Certificates and the public key infrastructure are complex topics, even without having to understand impending change. Changes in the request criteria and format of certificates—subject name, common name, subject alternative name—are coming in November 2015. Although this may sound like the distant future, a certificate is typically valid for 2 years. This means you need to know what the changes are and how they will impact you by November 2013.
Now that I have your attention, let’s look at what’s changing, and what you should plan for in your upcoming deployments and certificate renewal process. I’m going on record here: These are good changes. But I’ll leave the reasons for another article, or for the authorities that have implemented the changes. There is additional information at the end of this article.
Author : Rick Kingslan , Microsoft Senior Technical Writer
Technical Reviewer : Patrick Kelley, Microsoft Consultant
Editor : Susan S. Bradley
Publication date : March 20, 2013
Product version : Affects all software, firmware, and hardware that uses a certificate
The Greek philosopher Heraclitus is credited with the saying, “The only constant is change.” This is usually true—except when it comes to certificates and public key infrastructure (PKI). They provide the basis for key material for cryptographic functions that help to secure deployments, ensure non-repudiation, digitally sign an email, apply computer code verification, and a multitude of other functions. We rely on this solid foundation.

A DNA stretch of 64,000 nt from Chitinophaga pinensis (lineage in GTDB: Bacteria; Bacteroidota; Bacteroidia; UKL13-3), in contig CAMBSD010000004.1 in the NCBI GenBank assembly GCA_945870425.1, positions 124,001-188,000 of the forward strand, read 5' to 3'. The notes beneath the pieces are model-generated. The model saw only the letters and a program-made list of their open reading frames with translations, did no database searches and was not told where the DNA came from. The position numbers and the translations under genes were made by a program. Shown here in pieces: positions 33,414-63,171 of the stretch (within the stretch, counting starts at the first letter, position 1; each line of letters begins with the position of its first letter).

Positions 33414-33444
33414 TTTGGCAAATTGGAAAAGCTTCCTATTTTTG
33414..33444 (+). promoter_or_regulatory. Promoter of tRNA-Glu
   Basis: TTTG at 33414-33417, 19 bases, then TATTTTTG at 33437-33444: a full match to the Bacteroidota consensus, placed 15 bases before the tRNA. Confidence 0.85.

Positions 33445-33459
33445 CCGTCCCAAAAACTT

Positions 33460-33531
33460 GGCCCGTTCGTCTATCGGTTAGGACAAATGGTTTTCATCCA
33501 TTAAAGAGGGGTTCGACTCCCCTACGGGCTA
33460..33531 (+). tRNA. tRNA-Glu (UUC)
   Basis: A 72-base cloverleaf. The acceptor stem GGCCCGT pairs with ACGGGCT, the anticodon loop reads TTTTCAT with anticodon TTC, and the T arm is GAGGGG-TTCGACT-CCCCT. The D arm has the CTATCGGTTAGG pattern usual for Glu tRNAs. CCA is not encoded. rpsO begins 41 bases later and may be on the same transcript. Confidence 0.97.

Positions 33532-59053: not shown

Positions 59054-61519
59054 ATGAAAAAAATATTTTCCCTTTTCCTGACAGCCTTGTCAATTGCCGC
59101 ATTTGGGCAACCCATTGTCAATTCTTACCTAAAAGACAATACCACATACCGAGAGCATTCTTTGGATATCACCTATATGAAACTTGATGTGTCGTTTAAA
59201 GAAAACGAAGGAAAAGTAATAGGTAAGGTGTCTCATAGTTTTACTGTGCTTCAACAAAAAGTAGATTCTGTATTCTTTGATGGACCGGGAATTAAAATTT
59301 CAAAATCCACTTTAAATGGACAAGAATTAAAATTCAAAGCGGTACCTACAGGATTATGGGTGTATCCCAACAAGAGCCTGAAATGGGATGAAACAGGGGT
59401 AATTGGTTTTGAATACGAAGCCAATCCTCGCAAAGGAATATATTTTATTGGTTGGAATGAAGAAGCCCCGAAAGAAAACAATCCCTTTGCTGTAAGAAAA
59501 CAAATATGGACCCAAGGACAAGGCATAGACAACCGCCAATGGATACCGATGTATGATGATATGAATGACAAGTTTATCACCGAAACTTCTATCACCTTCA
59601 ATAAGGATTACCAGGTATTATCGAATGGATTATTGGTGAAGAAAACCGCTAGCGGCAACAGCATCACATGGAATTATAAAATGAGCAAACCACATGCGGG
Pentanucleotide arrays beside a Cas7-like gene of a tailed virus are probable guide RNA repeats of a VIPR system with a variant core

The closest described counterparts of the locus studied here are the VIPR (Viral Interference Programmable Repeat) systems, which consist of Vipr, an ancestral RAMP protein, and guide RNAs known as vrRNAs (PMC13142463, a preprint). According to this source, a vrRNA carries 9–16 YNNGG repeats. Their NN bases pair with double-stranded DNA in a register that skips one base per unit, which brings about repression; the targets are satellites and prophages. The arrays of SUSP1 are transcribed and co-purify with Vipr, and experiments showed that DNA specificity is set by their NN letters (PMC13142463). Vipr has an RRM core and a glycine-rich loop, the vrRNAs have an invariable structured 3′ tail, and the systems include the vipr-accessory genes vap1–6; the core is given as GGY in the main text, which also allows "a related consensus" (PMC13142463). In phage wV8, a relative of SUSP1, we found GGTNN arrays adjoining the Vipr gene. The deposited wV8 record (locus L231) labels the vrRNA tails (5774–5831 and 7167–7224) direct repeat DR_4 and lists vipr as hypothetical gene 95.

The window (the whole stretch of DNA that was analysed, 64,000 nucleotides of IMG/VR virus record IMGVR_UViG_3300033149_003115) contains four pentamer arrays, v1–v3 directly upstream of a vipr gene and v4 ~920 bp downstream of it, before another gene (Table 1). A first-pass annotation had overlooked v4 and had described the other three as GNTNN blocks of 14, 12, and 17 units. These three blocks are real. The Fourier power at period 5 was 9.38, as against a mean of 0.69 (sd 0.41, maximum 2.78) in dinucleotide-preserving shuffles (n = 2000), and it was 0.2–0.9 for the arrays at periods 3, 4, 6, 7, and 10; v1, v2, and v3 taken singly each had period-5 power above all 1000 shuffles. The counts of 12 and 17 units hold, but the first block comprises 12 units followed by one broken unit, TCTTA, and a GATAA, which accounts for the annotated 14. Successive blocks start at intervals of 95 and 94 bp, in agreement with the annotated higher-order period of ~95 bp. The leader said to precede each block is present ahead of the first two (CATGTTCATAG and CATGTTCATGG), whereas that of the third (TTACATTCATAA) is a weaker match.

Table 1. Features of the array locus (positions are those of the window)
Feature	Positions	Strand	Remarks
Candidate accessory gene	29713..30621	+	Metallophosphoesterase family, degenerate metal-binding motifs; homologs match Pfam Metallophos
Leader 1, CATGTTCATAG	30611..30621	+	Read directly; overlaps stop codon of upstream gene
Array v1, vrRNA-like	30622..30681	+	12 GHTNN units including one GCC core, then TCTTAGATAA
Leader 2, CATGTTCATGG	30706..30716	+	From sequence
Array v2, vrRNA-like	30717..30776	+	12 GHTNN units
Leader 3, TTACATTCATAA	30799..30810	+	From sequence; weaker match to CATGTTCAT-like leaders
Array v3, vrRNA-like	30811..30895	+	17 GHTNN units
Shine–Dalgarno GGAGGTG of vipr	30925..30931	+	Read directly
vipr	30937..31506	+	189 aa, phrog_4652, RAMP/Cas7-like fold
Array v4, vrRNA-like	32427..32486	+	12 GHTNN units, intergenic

However, the CA/Browser Forum heard of Heraclitus, and in November 2011, they adopted a new set of baseline requirements for publicly trusted certificates that directly affects key factors of certificate planning and may have a huge impact on your Lync Server planning and other certificate uses.
Here’s the first (and potentially most impactful) of the new requirements, as stated by the official announcement from the CA/Browser Forum (bolding mine):
As of the Effective Date of these Requirements, prior to the issuance of a Certificate with a Subject Alternative Name (SAN) extension or Subject Common Name field containing a Reserved IP Address or Internal Server Name , the CA SHALL notify the Applicant that the use of such Certificates has been deprecated by the CA/Browser Forum and that the practice will be eliminated by October 2016 .
Also as of the Effective Date, the CA SHALL NOT issue a certificate with an Expiry Date later than 1 November 2015 with a SAN or Subject Common Name field containing a Reserved IP Address or Internal Server Name .
Effective 1 October 2016 , CAs SHALL revoke all unexpired Certificates whose SAN or Subject Common Name field contains a Reserved IP Address or Internal Server Name .
Public Certification Authorities (CAs) will no longer issue certificates with an expiry date later than November 1, 2015 for domain names that are not officially assigned to a node in the public Domain Name System (DNS) or for IP addresses that reside in the reserved IP address space, defined by the Internet Assigned Numbers Authority.